“You’re not gonna come in here and find super heavily fruited sours that just taste like juice. I’m not knocking those beers. They’re delicious and a lot of people do them really, really well. It’s not what we want to be making here.”

What you will find at The Seed is a particular set of ethos that the brewery lives by and that is staying true to yourself, having a vision and offering an experience that few other breweries in South Jersey have to offer.

“I think the ethos of The Seed is always brewing with a sense of story and to distill it down to the simplest of statements,” says Towers. “If you own a brewery, run a brewery, or work for a brewery you should be brewing good beer right? You don’t see NBA players that are just bad at basketball, so if you run a brewery you should make good beer. That shouldn’t be the question. So what else do you do that is unique, different or interesting enough to set you apart from other people?”


“I think for us one of the reasons why we opened the brewery was that in our immediate area no one was doing what we wanted to be doing, and we had to do it all ourselves. That kind of honed us in on our ethos of using local ingredients, not fighting to homogenize everything, being cool if the batch of barleys are different this year and lean into that.”

Anyone who has taken a science class in school or was alive the past three years realizes that science can change in an instant. So can beer as well, and that fact is recognized in part of the brewery’s name. The “living beer project” part of the title is an ode to that.

“That’s a big deal to us,” explains Towers about the name of the brewery. “When we were coming up with the concept, and more specifically the imagery and the branding, we didn’t want to be blank brewery or blank brewing company. We didn’t feel like that captured anything unique or captured what we were trying to do here. So the living beer project at its simplest form is describing what we are trying to do here. We are living, evolving and growing. Everything we do here is learning more about the ingredients, the process and getting better at our craft and profession.”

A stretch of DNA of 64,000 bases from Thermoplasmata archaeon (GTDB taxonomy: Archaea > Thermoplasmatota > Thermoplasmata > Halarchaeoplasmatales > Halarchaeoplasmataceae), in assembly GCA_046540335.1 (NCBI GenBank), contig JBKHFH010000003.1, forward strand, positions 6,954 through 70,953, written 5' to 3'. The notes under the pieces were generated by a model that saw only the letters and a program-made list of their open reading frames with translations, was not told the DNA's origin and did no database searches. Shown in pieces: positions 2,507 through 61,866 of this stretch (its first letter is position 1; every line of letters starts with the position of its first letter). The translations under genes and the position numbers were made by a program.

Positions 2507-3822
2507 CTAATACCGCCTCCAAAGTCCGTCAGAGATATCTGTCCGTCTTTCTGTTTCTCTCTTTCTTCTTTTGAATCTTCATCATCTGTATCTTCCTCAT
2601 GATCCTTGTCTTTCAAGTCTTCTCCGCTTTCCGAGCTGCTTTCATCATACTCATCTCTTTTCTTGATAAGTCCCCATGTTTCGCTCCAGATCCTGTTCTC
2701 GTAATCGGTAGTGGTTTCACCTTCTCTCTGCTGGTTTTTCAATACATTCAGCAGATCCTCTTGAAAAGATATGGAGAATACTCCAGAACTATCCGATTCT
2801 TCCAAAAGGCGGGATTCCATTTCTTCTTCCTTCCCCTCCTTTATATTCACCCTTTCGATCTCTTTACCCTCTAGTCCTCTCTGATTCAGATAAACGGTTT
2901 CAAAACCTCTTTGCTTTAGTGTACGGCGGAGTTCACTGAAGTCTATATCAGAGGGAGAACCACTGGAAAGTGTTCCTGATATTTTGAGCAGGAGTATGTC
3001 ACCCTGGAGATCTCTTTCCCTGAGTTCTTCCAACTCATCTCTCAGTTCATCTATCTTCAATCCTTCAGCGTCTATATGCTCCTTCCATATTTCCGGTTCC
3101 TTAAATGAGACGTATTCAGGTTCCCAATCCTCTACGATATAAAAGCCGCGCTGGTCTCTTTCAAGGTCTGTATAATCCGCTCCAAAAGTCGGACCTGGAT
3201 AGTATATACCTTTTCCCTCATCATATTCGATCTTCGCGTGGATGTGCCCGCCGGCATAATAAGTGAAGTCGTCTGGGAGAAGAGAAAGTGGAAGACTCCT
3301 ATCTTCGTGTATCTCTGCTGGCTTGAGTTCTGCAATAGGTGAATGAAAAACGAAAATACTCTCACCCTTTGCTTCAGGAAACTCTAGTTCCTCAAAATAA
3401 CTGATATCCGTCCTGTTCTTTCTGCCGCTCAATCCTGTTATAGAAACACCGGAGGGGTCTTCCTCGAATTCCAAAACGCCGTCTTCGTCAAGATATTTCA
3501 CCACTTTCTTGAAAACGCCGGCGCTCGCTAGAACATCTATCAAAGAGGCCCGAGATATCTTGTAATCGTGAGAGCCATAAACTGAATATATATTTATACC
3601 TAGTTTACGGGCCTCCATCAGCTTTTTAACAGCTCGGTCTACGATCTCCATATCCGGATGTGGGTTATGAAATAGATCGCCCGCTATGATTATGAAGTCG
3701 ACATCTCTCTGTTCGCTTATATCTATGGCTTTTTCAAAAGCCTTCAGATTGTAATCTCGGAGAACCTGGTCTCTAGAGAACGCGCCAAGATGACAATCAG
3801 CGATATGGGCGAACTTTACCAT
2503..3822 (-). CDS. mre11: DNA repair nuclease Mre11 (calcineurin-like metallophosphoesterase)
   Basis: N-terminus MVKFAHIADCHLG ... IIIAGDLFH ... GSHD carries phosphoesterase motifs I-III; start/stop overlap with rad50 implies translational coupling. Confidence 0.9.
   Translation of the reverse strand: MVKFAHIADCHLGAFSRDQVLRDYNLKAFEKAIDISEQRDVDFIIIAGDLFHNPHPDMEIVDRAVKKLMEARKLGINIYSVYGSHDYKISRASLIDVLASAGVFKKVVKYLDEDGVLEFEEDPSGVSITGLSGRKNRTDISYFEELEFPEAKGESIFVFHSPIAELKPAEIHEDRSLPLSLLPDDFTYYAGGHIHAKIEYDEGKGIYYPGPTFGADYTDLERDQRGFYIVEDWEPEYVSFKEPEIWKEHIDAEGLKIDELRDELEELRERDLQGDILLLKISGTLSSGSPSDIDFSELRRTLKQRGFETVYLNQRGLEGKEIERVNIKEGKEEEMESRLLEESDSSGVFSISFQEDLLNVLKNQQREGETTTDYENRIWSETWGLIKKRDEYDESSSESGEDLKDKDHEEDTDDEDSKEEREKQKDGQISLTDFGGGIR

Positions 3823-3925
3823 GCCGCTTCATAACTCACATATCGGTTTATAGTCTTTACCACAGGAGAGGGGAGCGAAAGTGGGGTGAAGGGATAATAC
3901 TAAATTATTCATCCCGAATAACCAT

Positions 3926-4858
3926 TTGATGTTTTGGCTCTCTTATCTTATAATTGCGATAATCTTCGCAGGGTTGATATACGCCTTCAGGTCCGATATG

Despite the ever-changing ethos of The Seed, you’ll find two constants there: One is that there’s a lot of saison on the draft list. Towers and Cardinali built the equipment at The Seed to make saison beer. The other constant of The Seed is that you’ll find a lot of beer on the draft list with low ABV percentages. While The Seed does have a beer that has a 12% ABV, you’ll find numerous drinks with low alcohol content and that is intentional.

“Saison to us is a big thing,” explains Towers. “It’s less of a beer style and more of a philosophy. All of these French and Belgian farmhouse beers weren’t trying to set out and make saison. They were just making beer with whatever

ingredients they had available, and what yeast they had available. That’s what it tasted like, and we try to lean into that here as well. Saison drives home the point of being open to things tasting different all the time. So these beers are driven heavily by the flavors created by the yeast and bacteria and that’s something special for us to showcase.”

Another thing that Towers set out to showcase is how beer can bring people together and can be a communal activity. The commitment to having low-ABV beers on the tap list is a testament to that.